FROM 1-13. Across the Equator

May 07, 2005 – 0430hrs UTC

0430hrs 07 May 2005 UTC Map Ref 204

This one will be a bit themeless – inspiration is tatty when bashing into a short steep sea – one second my nose is smudging the laptop  screen the next my back and shoulders are banging into some very hard bits of Berri and her equipment stowed behind me. ‘orrible. We’re buack in the bus shelter, but going almost in the right direction tracking around 340T when we need North. We have a reef and the #2 to try to nurse the rig as much as possible – an added tension that personally I could do without.  I hope, though that we just might be out of the ITCZ and into the trades – with our luck and the Examiner hovering, I’m not too confident but it is looking promising. It is much cooler, indicating that the wind is coming from the north, which is a good sign as well.

And, on the subject of bus shelters, I notice that Fenwick has not signed the gust book – probably a bit of an effort for him and he’d have to chew his pencil very hard – therefore, just so that all y’all don’t think that we use the old dero that lives in the studio bus shelter as the model for some fictional Fenwick twerp I think it’s time for some acknowledgement. Allan Fenwick is a real person, a fine upstanding figure of a bloke of some 60+ summers. He is one of the very very few sailors around who can claim to have rounded Cape Horn the hard way, from the Atlantic to the Pacific, against the prevailing wind and current, in the years before GPS, effective communications and high technology boats. That dates him a bit doesn’t it? Our effort looks a bit wimpish by comparison. And he used to be able to sail quite well before he started drinking. Get off the piss, Fenwick, and get back to work. We’re going to need your wages to keep this show on the road once we get to the UK.

The UK. We’re trying now to work out how to manage our resources and time – we know when, more or less, we should arrive if the rig stays up and we have a fix list and a purchase lst and we hope soon to have a Fastnet to-do list from the Royal Ocean Racing Club (RORC). We have been told that just parking the boat will cost us 20 pounds a day so we will need to find a way around that one and somewhere to stow all the extra gear that we won’t need for the race. To get our safety certificate renewed, we need a new liferaft which is being organised for us and we will have to slip Berri and do a few other major jobs like hucking out all the green and slimy ferals that are now living in every damp corner, not just my boots. We will have to leave again as soon as possible after the Fastnet as well, so everything will need to be ready beforehand to pack into the boat again after the finish.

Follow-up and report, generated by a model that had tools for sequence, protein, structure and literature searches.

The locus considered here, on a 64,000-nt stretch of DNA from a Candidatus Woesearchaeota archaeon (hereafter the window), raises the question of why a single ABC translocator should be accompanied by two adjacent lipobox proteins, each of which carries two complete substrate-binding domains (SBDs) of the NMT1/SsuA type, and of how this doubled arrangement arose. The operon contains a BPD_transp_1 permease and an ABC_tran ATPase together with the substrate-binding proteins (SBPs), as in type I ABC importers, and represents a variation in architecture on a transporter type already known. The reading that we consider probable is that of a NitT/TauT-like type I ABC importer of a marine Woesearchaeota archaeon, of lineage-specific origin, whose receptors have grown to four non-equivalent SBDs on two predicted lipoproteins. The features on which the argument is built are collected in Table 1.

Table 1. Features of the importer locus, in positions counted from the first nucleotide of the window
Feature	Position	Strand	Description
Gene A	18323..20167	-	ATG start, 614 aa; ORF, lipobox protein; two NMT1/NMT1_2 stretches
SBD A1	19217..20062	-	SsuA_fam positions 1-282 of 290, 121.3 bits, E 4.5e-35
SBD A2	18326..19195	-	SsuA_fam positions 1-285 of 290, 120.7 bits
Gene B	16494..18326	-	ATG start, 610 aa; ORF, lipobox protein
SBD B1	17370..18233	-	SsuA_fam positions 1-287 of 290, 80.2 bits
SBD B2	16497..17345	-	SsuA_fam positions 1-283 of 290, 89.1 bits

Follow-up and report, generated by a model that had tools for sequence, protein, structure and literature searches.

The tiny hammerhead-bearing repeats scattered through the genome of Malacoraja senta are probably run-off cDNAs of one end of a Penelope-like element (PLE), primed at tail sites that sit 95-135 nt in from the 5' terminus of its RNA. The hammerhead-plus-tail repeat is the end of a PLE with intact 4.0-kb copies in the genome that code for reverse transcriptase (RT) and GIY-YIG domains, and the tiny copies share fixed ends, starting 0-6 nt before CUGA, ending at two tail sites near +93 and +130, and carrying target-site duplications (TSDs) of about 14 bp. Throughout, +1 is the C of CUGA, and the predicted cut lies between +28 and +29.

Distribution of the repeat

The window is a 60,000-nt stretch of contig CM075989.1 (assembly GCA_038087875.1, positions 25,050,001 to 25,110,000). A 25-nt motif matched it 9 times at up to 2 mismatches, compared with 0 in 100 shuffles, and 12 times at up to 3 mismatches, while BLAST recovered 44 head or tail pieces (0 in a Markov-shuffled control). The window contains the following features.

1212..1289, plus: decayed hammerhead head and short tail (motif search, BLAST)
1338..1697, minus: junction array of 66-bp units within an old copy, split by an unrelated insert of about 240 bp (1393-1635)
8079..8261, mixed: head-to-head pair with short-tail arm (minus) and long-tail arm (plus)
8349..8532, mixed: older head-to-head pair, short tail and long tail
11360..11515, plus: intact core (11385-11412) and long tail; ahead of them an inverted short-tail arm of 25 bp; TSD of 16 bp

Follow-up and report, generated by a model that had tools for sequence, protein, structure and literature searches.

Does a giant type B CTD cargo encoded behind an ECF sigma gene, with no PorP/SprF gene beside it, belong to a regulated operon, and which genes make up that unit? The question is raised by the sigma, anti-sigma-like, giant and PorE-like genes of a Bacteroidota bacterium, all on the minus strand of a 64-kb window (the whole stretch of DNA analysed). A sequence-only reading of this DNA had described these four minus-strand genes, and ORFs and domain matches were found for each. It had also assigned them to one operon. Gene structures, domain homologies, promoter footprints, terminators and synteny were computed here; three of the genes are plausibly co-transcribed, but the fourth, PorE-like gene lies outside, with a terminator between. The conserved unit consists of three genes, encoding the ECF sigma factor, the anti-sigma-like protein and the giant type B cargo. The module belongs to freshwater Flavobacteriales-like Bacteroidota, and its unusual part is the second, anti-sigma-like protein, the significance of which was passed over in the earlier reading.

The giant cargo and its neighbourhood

Clouds – there’s clouds and Clouds. clouds are those fluffy white thingies that float around in the sky and inspire poets and make rain. But Clouds are different – they inspire awe, fear, joy, and a sense of doom. We have just gone from clouds to Clouds this evening – happens sometimes as night falls, the pretty fluffy thingies stop reflecting nice pink sunlight and become black silhouetted threatening monsters out to get us. The effect is enhanced by moonlight, as Turner’s paintings show so brilliantly. Looking at cClouds can tell sailors just about everything they need to know about the weather – just ahead out to perhaps a week in some places where there are predictable local cycles. The really nasty ones are cmulo-nimbus, or thunder clouds. These also come in grades with the really desperately nasty ones usually occurring along tropical coastlines. They are huge, greenish ferocious maelstroms of power, energy and destruction. Good to avoid these guys. I might extend this a bit as we go along but I need a break from the bus shelter effect and I must do a ship check.

Comments are closed.